In the 1970s, during the dawn of the personal computing era, books about CP/M (the most popular PC operating system of the time) said that there were three major categories of software: word processing, spreadsheets, and databases. While most computer users have come to understand word processing and spreadsheets rather well in the past thirty years, databases have tended to remain a bit of a mystery. But databases underlie a wide range of computing tasks, including a great deal of the work involved in publishing, either in print or online.
The single longest-lasting "standard" for database interface, dating back to the same period, is called SQL (pronounced "sequel"). It's a sort of standardized language for searching. MySQL, the most popular SQL server, is a free, Open-Source implementation of SQL that can be used in a wide range of publishing purposes.
It can be used for project management (it underlies the system we use to organize "to do" tasks and who's assigned to do them, when). It can be used to generate Database-Driven websites, such as web portals that contain long lists of records that need periodic update. And it can be used behind content management systems, websites that generate individual pages from database records, allowing for quick and easy update.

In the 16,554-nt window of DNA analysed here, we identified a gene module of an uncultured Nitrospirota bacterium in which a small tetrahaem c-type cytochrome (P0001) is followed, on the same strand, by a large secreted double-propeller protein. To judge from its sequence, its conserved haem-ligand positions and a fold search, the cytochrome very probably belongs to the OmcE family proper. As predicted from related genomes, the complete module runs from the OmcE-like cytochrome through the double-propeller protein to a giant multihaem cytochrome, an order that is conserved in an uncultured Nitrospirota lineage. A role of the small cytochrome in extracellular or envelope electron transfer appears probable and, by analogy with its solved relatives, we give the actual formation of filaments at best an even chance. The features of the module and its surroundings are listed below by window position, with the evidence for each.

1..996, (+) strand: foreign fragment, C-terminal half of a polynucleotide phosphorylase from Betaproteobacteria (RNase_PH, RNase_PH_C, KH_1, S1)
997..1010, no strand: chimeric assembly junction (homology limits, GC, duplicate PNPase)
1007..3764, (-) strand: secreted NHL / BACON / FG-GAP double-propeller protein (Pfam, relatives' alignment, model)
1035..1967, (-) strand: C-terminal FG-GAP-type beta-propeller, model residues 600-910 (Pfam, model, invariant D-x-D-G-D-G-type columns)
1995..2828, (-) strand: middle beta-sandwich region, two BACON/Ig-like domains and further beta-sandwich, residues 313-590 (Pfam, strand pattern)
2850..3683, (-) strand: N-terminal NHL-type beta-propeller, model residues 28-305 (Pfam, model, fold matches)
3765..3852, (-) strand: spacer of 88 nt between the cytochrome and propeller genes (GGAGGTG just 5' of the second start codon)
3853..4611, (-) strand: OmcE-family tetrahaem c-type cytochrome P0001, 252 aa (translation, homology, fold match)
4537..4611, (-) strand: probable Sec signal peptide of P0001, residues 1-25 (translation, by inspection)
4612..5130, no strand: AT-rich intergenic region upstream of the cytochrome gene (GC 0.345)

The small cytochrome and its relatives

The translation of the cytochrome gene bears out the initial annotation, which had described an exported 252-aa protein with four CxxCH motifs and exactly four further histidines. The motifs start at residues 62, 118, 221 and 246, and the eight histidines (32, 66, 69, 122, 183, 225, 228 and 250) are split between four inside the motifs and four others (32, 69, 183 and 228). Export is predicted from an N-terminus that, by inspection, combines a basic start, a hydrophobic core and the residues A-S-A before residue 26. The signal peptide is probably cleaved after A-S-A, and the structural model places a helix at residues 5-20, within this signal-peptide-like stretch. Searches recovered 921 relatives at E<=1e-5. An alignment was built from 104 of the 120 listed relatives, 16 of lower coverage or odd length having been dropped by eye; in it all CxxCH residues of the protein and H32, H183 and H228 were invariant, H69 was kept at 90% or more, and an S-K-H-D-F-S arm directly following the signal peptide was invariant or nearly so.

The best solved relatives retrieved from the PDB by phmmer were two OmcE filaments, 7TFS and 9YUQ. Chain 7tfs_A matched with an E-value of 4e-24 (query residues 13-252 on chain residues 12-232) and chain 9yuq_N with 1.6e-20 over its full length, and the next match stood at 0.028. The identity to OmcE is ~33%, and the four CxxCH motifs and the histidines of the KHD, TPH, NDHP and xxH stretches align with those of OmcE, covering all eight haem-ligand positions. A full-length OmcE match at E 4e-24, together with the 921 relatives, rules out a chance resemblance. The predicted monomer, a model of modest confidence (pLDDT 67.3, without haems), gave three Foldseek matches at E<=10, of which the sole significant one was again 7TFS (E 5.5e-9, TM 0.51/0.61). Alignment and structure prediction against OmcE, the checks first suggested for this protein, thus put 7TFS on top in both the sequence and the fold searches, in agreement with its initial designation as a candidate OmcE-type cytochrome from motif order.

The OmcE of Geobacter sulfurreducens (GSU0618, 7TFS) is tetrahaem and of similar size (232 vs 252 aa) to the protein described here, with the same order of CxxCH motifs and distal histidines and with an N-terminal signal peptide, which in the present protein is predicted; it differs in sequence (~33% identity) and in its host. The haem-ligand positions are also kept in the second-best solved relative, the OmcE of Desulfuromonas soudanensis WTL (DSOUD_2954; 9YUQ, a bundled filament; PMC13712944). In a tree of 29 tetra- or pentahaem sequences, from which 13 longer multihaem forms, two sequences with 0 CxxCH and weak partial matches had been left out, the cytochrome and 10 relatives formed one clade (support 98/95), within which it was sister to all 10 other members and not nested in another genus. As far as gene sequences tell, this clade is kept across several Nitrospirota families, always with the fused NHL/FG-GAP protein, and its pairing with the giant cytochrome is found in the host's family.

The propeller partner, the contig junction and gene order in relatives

The EServer supports [PHPMyAdmin]?, a web interface that allows even novice users web-based access to MySQL databases. Our MySQL implementation will, of course, also work with any client application our editors might prefer to use for managing MySQL databases.
EServer collection editors who wish to use a SQL database as part of their web publishing process should contact the site administrators to discuss creating the database and setting access permissions.